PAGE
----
What is a matter of religion is discussed at pages 348, 349, 350 and at 351. At page 351 it is observed as follows:
Under Article 26(b) therefore, a religious denomination or organisation enjoys complete autonomy in the matter of deciding as to what rites and ceremonies are essential according to the tenets of the religion they hold and no outside authority has any jurisdiction to interfere with their decision in such matters. Of course, the scale of expenses to be incurred in connection with these religious observances would be a matter of administration of property belonging to the religious denomination and can be controlled by secular authorities in accordance with any law laid down by a competent legislature; for it could not be the injunction of any religion to destroy the institution and its endowments by incurring wasteful expenditure on rites and ceremonies....
Nowhere does the Supreme Court say as is contended by Mr. Nambiar, that managing the affairs in matters of religion would give the denomination a right to prevent the Hindus of a particular class from worshipping in the temple. We cannot also forget the fact that the article begins by stating that the right to manage in matters of religion is subject to the public order, morality and health. It is certainly not moral to prevent pious Hindus from being allowed to enter the temple solely on the ground of their having been born in a particular community and it is this inequality that is sought to be removed by the provisions of Article 17 of the Constitution. I do not think that the power of the State to make a law for throwing open Hindu religious institutions of a public character as contemplated in Article 25(2)(b) is in any way circumscribed, restricted or whittled down by the provisions of Sub-clause (b) of Article 26 giving the religious denomination the right to manage its own affairs in matters of religion. No authority has been placed before the Court to show that it is a matter of religion to allow only particular classes of people to enter and worship in the temple. While Article 25 speaks of the right to freely profess and practise religion Article 26(b) relates to the right of the denomination to manage its affairs in matters of religion. The distinction between these two expressions is real. Managing the affairs in matters of religion denotes that there is a kind of superintendence or supervision mainly with regard to property but practice of religion would include the right to prescribe modes of worship, the class of persons who can worship and the time at which they can worship, etc. When, therefore, Article 26(b) speaks of the right to manage in matters of religion it seems to me that what is contemplated by that expression is something different from the right to practise religion. The expression 'practice of religion' is contained in Article 116 of the Australian Constitution and the observations of Latham, C.J., of the High Court of Australia have been quoted by the Judges of the Supreme Court at page 349 in the Commissioner, H.R.E. Board, Madras v. Sirur Mutt (1954) 1 M.L.J. 596 : (1954) S.C.J. 335.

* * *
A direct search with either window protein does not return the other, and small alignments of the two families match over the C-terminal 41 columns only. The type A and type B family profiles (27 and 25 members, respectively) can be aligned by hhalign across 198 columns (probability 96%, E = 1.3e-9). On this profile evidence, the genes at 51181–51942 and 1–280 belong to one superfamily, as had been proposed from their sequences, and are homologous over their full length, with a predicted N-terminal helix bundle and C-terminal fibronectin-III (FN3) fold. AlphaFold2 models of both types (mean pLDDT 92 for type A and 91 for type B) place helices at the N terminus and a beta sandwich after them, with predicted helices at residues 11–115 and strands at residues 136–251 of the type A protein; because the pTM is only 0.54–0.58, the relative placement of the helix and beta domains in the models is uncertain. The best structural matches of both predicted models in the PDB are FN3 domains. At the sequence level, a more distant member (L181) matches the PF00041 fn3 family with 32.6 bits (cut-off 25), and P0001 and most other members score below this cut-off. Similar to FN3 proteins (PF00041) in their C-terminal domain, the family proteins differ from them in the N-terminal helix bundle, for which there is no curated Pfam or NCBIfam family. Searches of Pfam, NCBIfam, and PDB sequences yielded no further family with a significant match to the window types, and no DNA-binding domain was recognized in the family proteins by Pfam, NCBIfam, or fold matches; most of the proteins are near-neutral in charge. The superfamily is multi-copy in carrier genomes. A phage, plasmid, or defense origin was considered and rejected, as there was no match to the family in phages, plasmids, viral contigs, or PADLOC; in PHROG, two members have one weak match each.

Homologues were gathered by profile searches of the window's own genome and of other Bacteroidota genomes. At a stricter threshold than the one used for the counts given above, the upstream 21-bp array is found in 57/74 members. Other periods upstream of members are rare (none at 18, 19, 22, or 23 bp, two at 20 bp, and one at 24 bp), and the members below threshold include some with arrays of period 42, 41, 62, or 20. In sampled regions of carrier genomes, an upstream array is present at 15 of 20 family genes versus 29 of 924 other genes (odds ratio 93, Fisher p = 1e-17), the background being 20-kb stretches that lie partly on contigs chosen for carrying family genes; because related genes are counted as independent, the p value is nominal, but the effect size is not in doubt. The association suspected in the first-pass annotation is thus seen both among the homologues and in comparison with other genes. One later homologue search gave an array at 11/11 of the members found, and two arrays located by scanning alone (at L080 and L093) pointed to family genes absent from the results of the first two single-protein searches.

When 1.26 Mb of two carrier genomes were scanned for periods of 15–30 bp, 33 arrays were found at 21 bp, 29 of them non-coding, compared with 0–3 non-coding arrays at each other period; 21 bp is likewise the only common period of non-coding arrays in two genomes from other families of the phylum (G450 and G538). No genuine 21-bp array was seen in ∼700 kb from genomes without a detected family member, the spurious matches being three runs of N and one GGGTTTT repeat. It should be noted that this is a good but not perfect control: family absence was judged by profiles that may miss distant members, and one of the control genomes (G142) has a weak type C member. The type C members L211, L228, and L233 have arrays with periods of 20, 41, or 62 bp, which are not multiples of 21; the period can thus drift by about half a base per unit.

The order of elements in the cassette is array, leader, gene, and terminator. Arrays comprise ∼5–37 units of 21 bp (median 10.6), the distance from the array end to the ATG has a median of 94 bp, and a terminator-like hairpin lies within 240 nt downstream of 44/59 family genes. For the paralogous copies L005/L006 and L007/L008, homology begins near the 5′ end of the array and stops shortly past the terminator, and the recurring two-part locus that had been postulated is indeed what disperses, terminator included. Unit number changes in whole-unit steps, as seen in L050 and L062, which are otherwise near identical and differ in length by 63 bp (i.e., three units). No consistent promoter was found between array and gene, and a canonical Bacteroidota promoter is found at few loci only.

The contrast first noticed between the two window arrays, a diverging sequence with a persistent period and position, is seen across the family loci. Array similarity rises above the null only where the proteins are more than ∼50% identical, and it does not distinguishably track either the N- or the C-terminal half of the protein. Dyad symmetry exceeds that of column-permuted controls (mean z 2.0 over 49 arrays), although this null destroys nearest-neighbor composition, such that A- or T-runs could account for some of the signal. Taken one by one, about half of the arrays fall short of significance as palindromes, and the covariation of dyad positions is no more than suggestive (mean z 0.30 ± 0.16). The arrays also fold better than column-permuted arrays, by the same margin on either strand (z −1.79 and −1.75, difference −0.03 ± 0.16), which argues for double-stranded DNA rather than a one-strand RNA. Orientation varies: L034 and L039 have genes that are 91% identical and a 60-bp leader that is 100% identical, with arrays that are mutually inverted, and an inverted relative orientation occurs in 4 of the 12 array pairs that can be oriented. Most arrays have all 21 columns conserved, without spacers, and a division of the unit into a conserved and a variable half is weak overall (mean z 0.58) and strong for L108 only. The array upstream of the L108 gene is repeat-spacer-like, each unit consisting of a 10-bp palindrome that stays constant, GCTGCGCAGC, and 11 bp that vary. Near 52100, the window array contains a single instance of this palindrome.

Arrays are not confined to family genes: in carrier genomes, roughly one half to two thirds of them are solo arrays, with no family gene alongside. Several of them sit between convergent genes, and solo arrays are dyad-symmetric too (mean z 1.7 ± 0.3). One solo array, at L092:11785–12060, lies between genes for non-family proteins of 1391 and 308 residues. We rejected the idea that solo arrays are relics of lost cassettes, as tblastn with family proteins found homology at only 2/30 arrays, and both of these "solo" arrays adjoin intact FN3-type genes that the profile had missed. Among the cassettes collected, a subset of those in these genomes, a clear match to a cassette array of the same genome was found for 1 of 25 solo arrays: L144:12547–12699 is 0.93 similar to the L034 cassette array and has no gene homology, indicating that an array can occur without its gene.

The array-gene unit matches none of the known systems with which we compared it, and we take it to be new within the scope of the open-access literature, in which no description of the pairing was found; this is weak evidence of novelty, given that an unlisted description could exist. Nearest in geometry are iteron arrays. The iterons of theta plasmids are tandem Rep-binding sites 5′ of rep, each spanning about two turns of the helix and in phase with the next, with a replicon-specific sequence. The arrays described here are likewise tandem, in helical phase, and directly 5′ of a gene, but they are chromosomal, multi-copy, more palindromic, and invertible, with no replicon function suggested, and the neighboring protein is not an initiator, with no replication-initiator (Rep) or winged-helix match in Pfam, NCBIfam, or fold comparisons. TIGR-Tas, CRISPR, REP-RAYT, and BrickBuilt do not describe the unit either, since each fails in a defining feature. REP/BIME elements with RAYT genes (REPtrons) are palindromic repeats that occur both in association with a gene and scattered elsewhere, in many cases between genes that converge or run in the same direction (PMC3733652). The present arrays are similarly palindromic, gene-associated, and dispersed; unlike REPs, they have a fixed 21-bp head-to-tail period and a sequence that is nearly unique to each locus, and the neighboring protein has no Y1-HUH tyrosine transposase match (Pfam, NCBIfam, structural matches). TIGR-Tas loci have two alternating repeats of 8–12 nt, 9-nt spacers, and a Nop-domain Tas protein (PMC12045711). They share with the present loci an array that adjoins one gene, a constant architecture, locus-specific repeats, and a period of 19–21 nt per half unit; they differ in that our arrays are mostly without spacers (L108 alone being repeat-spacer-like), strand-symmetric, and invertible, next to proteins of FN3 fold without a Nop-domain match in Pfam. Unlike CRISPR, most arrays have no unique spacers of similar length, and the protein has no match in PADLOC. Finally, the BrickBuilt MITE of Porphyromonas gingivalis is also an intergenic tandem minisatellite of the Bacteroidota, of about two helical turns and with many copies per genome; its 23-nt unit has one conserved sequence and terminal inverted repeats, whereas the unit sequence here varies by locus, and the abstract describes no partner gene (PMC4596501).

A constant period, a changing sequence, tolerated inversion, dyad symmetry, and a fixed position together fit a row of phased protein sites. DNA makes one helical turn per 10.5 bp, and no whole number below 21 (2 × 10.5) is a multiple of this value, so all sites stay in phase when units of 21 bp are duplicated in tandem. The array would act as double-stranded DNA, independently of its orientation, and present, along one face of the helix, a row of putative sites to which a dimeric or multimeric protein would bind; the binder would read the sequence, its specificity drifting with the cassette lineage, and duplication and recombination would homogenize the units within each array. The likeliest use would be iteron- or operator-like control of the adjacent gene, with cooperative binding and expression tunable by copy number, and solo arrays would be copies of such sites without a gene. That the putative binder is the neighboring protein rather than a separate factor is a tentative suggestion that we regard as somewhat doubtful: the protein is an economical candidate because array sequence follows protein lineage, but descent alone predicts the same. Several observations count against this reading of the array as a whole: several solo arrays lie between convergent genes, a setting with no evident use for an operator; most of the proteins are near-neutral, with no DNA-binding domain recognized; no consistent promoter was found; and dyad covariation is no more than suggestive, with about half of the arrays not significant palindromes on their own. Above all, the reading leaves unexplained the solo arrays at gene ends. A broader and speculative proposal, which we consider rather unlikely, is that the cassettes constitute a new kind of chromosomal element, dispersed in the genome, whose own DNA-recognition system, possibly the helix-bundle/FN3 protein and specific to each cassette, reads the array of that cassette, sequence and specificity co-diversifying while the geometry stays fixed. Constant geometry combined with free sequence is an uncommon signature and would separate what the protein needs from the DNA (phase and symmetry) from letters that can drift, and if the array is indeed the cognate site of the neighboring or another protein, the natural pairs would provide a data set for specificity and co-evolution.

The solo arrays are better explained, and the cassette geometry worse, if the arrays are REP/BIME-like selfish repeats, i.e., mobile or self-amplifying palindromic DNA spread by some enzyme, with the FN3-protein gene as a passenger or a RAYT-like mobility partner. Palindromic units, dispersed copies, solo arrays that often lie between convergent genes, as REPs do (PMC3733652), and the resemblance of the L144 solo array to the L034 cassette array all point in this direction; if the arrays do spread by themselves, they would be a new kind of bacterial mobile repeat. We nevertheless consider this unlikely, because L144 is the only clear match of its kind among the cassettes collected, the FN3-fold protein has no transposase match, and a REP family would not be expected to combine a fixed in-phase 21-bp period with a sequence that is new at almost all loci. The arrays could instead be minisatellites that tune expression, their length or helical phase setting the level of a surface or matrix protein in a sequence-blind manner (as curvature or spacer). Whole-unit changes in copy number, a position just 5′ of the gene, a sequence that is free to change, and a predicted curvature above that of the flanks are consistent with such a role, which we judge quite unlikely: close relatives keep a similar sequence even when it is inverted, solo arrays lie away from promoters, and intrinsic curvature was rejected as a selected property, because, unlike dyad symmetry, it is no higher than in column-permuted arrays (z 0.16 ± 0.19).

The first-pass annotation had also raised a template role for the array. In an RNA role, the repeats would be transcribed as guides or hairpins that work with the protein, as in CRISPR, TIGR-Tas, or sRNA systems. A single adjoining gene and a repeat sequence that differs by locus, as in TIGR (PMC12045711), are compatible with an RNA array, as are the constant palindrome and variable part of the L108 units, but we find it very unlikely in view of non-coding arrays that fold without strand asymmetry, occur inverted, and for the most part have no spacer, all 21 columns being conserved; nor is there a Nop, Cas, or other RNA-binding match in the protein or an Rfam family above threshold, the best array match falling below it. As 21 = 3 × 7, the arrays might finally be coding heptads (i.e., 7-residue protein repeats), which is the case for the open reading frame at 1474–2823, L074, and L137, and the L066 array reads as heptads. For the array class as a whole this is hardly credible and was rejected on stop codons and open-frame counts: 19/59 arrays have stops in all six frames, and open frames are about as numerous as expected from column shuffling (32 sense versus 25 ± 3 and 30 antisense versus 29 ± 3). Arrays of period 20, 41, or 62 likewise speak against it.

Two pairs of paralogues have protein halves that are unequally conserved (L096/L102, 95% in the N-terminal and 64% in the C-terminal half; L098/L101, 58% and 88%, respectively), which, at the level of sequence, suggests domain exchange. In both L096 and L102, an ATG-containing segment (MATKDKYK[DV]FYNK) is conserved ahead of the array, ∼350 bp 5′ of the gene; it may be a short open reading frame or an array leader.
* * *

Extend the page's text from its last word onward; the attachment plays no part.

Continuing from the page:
19. Another way of looking at the question is by reading Articles 25 and 26 of the Constitution together and trying to understand the concept of the two articles in an harmonious manner. That the question of temple entry is not involved in Article 26(b) but concerned only in Article 25(2)(b) is clear from the fact that Article 25(2)(b) is an exception to Article 25(1) which gives fundamental right to any citizen freely to profess practice and propagate his religion. This freedom of practising religion can be restricted by the Legislature when it infringes with the right of all classes of Hindus to worship freely in a Hindu religious institution of a public character. So it is the concept of temple that is formulated to Article 25(2)(b). The dictionary meaning of the word 'manage' is 'govern a thing, command, or control or to conduct' and the meaning of 'affair' is a general business. So when a religious denomination is given a right to manage its own affairs in matters of religion what is contemplated is the business of managing property etc. and it can have no reference to depriving certain classes or sections of the Hindus of their fundamental right conferred unequivocally by Article 25(1) of the Constitution. Articles 26(c) and (d) cannot refer to it. There is no redundancy between Article 26(b) on the one hand and Articles 26(c) and (d) on the other. Whereas Article 26(b) is wider in its terms Article 26(c) and (d) relate only to movable and immovable properties.